Traffic Variables (sProps) [Inside Omniture SiteCatalyst]
Like any software product you use, there are a few key elements that you need to understand to be successful.
In working with clients I have found that many do not have a good understanding of the three fundamental building blocks of SiteCatalyst: sProps, eVars and Success Events. When I was an Omniture client, I will admit that I had much more important things to do with my time than to learn about Omniture’s variable types and their capabilities. However, over time, I came to understand that these variables are the foundation of all SiteCatalyst reporting, so if I wanted to use Omniture reports to measure my website success and/or justify my re-design theories, I had better suck it up and learn about these three variable types. I hope you will do the same. In this post I will review sProps and will cover the other two types in my next posts.
Traffic variables (known to old-timers as sProps) help to track page-by-page site traffic activity. Site Traffic is normally measured via Page Views, Visits or Unique Visitors. The primary purpose of sProps is to allow you to breakdown Page Views, Visits and Unique Visitors into meaningful buckets. While SiteCatalyst provides reports to see total Page Views, Visits and Unique Visitors for your site, most web analysis needs to take place at a much more granular level. Without sProps, you would not be able to see such things as which pages are the most popular or what percentage of pages were viewed in the USA vs. Canada, etc…. The following is an example of the most commonly used sProp report, the Most Popular Pages report:
An important thing to know about sProps is that they are not persistent. This means that they do not retain their value from one page to the next, a concept that often confuses Omniture customers. I find that the easiest way to understand sProps is to think of the most commonly used sProp: Page Name. Let’s assume a visitor to your site starts their visit on the Home Page and the value “Home Page” is passed into the Page Name sProp. From the Home Page, the visitor clicks on a link and is taken to the “Contact Us” page. You would certainly not want the value of “Home Page” to persist and be passed into the Page Name sProp on this next page or it would look like the Home Page had two Page Views instead of each page having one Page View.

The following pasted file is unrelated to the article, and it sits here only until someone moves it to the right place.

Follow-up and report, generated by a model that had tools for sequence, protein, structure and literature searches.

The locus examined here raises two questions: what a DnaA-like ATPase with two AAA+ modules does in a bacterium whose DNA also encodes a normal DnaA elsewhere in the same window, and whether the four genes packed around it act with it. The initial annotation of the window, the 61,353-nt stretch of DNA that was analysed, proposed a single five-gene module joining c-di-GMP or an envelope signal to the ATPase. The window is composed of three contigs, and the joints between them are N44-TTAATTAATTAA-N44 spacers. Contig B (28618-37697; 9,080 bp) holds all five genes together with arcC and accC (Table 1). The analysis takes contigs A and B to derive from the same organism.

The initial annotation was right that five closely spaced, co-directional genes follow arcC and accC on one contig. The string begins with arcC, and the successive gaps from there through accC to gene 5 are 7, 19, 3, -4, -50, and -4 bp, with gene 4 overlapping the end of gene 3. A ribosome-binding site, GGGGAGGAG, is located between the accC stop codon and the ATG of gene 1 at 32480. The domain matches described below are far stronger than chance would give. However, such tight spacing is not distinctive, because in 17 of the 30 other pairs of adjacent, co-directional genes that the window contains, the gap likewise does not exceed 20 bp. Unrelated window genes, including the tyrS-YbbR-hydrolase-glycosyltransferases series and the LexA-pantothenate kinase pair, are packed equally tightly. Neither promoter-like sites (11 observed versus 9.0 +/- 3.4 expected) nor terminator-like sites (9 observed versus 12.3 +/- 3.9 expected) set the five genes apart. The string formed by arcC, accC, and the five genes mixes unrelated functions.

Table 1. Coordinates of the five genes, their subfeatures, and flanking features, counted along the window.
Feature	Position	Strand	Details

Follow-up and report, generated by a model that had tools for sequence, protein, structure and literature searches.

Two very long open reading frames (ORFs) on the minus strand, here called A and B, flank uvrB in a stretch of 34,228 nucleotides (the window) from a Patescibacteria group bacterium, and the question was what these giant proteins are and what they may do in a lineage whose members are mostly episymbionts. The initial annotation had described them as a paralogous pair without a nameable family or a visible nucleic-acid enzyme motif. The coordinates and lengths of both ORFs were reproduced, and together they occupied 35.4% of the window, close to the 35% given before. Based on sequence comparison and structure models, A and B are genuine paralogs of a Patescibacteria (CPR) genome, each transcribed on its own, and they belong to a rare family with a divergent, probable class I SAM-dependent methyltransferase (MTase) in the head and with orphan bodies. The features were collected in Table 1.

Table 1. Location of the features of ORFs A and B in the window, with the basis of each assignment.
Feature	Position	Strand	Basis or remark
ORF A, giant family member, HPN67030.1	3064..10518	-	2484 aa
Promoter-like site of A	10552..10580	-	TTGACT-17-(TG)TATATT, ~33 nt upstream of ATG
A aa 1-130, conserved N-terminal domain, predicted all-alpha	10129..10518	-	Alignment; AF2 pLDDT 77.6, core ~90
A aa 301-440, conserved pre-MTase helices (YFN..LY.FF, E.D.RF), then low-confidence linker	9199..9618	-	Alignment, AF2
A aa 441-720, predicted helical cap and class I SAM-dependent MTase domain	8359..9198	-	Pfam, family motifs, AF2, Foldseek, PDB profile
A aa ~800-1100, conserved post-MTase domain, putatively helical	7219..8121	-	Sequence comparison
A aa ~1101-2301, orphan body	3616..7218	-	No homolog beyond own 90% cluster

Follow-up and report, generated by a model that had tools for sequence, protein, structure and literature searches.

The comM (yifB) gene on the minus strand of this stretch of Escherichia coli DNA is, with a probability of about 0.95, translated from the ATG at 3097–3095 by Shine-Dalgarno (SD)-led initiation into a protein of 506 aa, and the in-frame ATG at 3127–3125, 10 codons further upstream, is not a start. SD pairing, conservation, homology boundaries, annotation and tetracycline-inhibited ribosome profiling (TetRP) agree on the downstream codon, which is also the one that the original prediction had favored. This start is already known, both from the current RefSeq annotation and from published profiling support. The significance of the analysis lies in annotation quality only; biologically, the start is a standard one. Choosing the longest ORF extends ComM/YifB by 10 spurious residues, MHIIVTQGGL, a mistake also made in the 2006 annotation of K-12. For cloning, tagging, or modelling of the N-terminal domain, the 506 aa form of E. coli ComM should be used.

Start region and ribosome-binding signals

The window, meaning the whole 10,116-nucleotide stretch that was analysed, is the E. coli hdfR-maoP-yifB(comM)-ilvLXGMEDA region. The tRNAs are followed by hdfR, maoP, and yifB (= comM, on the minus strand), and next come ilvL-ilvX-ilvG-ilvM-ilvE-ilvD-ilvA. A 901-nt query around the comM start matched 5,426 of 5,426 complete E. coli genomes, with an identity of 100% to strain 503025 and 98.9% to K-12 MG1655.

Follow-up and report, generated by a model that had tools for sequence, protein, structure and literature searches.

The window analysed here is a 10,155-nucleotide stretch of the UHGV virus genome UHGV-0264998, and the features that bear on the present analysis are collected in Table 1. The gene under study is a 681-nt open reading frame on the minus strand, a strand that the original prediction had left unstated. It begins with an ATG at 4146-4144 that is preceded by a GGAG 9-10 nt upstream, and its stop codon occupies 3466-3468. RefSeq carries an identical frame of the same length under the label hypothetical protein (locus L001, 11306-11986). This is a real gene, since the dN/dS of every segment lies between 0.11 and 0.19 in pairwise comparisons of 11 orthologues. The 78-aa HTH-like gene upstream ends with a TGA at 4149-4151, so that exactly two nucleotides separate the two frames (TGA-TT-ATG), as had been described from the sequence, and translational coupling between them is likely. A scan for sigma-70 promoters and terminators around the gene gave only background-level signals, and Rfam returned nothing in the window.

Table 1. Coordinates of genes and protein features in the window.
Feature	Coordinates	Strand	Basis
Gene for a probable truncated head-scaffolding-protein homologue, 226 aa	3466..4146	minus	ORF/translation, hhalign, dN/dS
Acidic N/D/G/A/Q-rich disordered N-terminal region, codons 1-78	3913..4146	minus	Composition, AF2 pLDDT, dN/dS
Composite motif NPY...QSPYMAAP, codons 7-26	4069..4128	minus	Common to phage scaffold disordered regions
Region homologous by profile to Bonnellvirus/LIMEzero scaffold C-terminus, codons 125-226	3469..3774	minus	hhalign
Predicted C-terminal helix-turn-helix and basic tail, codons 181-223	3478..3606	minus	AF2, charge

Another important thing to know about sProps is that they are used for Pathing. Pathing is the ability to view the order in which values are passed to a particular SiteCatalyst sProp for a specific Visit. For example, let’s say that each page on your site has a pagename and the values passed to the Pagename sProp are Page A, Page B, and Page C respectively. If Pathing is enabled for that sProp, SiteCatalyst would record the order in which the values were passed and allow you to view reports that show the percentage for which all site users went from Page A to Page B, etc… I will definitely be talking more about Pathing in a future post.
Did You Know?
The following additional items related to sProps are worth noting:
- Visits, Daily Unique Visitors, Weekly Unique Visitors, Monthly Unique Visitors and Quarterly Unique Visitors can be enabled for any sProp (for an additional fee)
- SiteCatalyst provides several “out-of-the-box” pre-defined sProps including: Pagename, Site Section, Server, Browser, Country, etc… These are similar to all other (custom) sProps with the exception being the Pagename sProp which is somewhat special in that it captures the page URL if no value is passed to it.
- Any two sProps can be “correlated” or broken down by each other
- Pathing can be enabled for any sProp
- Any sProp can be “classified” using SAINT
In every post I will attempt to provide a real-world example of the topic at hand. Let’s say that we are working for Greco Inc., an Omniture SiteCatalyst customer that owns several different types of web properties. One of Greco Inc.’s web properties has a translation utility which allows each page of the site to be viewed in either English or Spanish. The CMO is working on a marketing campaign targeting Hispanic customers and, as such, would like to get a feel for the percentage of all site Page Views viewed in Spanish. To accomplish this, the client would pass the language that the current page is being viewed in to a custom sProp. For best results, this sProp should be populated on every page so that the total Page Views in this report matches (or is close to) the overall number of Page Views for the same timeframe. Doing this might produce a report that looks like this:
Thus, by using a custom sProp, Greco Inc. now has a new way to breakdown Page Views and can answer the specific business question at hand.